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Re: DOMString-like objects for the CSSOM

From: Brendan Eich <brendan@mozilla.org>
Date: Fri, 19 Feb 2010 19:58:39 -0800
Cc: Simon Pieters <simonp@opera.com>, Boris Zbarsky <bzbarsky@mit.edu>, "Mark S. Miller" <erights@google.com>, "public-script-coord@w3.org" <public-script-coord@w3.org>
Message-Id: <EE757D8E-E251-48F5-ABC7-69F043C2E42D@mozilla.org>
To: Maciej Stachowiak <mjs@apple.com>
On Feb 19, 2010, at 7:34 PM, Maciej Stachowiak wrote:

> On Feb 19, 2010, at 7:18 PM, Brendan Eich wrote:
>> My point here not to dwell on dark magic details (ours wins cuz  
>> it's a static property of code, it does not infect the shared  
>> heap :-P -- seriously, see https://bugzilla.mozilla.org/show_bug.cgi?id=521670) 
>>  or whether it's good to violate normative specs (sometimes :-).
> I specifically wanted to avoid digressing into how detectable  
> properties are handled, and whether this particular quirk is still  
> needed, since that is a whole other ball of wax.

Which "that"? We're digressing either way, but the question of the  
string-masquerades-as-undefined quirk being needed wants to be  
answered, because if the answer is "no", then it's not even a "minor  
data point" for the CSS string primitive -> String object  
compatibility "can we get away with it?" question.

(Sorry for the parenthetical asides -- I was being provocative, I  

>> Rather I wanted to note that SVG filters don't seem to be used  
>> enough to tell whether this is even a data point, minor or major.  
>> It may have mattered once, because housing maps was *the* mash-up  
>> everyone talked about and tested. But if that mash-up (its google  
>> maps side) no longer uses .filter, is there a compelling reason for  
>> a string that masquerades as undefined?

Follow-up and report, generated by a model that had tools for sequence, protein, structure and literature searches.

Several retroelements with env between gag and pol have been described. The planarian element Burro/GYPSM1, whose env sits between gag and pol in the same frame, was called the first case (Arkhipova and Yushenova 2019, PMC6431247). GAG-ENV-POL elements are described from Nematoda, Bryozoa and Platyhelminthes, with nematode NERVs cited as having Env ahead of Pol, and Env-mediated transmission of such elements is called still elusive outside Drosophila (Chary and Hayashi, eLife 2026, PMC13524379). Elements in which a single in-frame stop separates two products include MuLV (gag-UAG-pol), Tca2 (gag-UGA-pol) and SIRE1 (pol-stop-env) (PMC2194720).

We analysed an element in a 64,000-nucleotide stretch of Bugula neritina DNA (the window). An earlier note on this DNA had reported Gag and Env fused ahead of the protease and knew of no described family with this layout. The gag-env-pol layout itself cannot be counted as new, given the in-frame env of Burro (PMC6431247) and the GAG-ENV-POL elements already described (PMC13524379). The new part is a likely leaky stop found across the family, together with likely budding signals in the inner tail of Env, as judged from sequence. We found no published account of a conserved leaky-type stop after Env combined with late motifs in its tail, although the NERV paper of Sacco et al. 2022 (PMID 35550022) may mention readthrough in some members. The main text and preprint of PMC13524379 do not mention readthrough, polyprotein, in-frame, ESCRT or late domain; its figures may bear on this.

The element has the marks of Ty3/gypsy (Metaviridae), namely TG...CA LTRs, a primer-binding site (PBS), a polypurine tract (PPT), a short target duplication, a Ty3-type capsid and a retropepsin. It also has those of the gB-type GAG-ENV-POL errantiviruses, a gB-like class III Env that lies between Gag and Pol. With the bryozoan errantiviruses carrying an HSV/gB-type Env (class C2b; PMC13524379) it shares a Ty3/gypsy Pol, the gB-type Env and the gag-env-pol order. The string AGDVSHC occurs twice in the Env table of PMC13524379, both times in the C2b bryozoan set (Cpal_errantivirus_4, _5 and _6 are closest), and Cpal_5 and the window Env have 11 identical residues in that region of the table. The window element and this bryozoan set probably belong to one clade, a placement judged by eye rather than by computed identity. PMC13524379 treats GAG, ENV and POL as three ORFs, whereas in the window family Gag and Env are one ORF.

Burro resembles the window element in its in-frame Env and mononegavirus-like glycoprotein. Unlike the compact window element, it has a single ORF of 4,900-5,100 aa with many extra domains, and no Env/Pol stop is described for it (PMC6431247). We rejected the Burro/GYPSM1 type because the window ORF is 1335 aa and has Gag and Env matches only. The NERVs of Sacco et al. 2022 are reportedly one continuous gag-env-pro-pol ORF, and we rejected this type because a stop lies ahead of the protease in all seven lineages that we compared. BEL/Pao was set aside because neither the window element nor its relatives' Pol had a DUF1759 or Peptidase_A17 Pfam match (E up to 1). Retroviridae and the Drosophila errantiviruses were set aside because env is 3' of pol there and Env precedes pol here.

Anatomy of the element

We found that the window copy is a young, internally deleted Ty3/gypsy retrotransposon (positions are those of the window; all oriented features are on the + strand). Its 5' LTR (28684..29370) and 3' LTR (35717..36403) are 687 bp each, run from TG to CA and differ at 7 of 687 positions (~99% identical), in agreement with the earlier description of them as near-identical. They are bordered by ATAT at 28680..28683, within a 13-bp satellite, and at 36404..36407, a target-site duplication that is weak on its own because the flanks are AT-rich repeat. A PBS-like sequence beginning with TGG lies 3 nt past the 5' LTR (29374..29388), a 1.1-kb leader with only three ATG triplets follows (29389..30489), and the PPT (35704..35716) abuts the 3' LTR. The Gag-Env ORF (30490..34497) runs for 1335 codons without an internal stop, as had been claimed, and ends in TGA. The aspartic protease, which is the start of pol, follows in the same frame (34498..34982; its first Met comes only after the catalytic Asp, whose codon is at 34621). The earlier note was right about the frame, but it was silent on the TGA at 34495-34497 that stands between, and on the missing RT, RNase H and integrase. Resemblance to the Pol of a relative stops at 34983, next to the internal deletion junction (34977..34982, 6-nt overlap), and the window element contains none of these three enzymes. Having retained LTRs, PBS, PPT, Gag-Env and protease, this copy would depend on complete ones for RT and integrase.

> We'll remove the quirk from WebKit if we get sufficient evidence  
> that a quirk-free style.filter is sufficiently compatible. I do  
> believe the specific sites we know about having a problem in 2006  
> are all fixed. Either Mozilla shipping it and not seeing problems,  
> or us turning it on on trunk, would be sufficient evidence.
>> If the SVG working group could rename this property, in practical  
>> deference to the pre-existing (since IE4, IIRC) de-facto Microsoft  
>> standard, that would be helpful.
> Agreed. Not sure how likely that is.

To bring this back to the main topic, let's say the CSS string  
primitive -> String object change is "too incompatible" and we need to  
make String objects that appear to be string primitives (to 'typeof',  
'in', etc.). Aside from the Ecma violation (which a value types  
proposal might allow in a future edition, as Mark mentioned), would we  
really be improving the performance for API users?

Sure, they could get numeric values instead of unit-suffixed strings  
from which to parse out leading numeric prefixes, etc. But the object  
model would be fatter: where once were string primitives, now there  
would be objects of some type. For those style properties reflected  
into JS, would this matter? Perhaps not on average, but I could see it  
becoming costly enough at the limit that it should be considered as a  
separate compatibility concern from any type change, however concealed.

I don't know about you, but every time I ignore asymptotic complexity  
on the Web, I get burned. You could say there's no change from string  
primitive with parallel API having new properties, to String object  
with those new properties directly under the String object, except for  
a constant factor. Even those can matter (O(k) not always O(1) in  
practice). It's also not clear how constant the factor is, but I don't  
know enough about what new properties would be standardized under each  
String object.

If the idea is that a parallel API is strictly costlier, I wonder  
whether anyone has evidence. The cost of the proposed String object  
change is something like

C(string primitive) + C(String object) + C(new properties)


C(string primitive) + C(parallel API object) + C(new properties)

so perhaps it's a tossup. But these costs need to be weighted by how  
often they're used. Some CSS properties reflect into JS; of those,  
some are used without wanting to convert, e.g., "200px" into 200.

IOW, you always get a String object under the proposal, even if some  
of the time, you want only the string primitive inside it. Whereas  
with the parallel API proposal, you pay as you go and old code (even  
if it suffers some high conversion costs) continues to work, and not  
see higher memory costs for the string valued properties that do  
reflect into JS.

Is this making sense?

If so, then one final thought: the parallel API need not entail a new  
API object. There are lots of ways to organize the new API so it is  
"parallel" in some easy-to-use sense.

Received on Saturday, 20 February 2010 04:02:31 UTC

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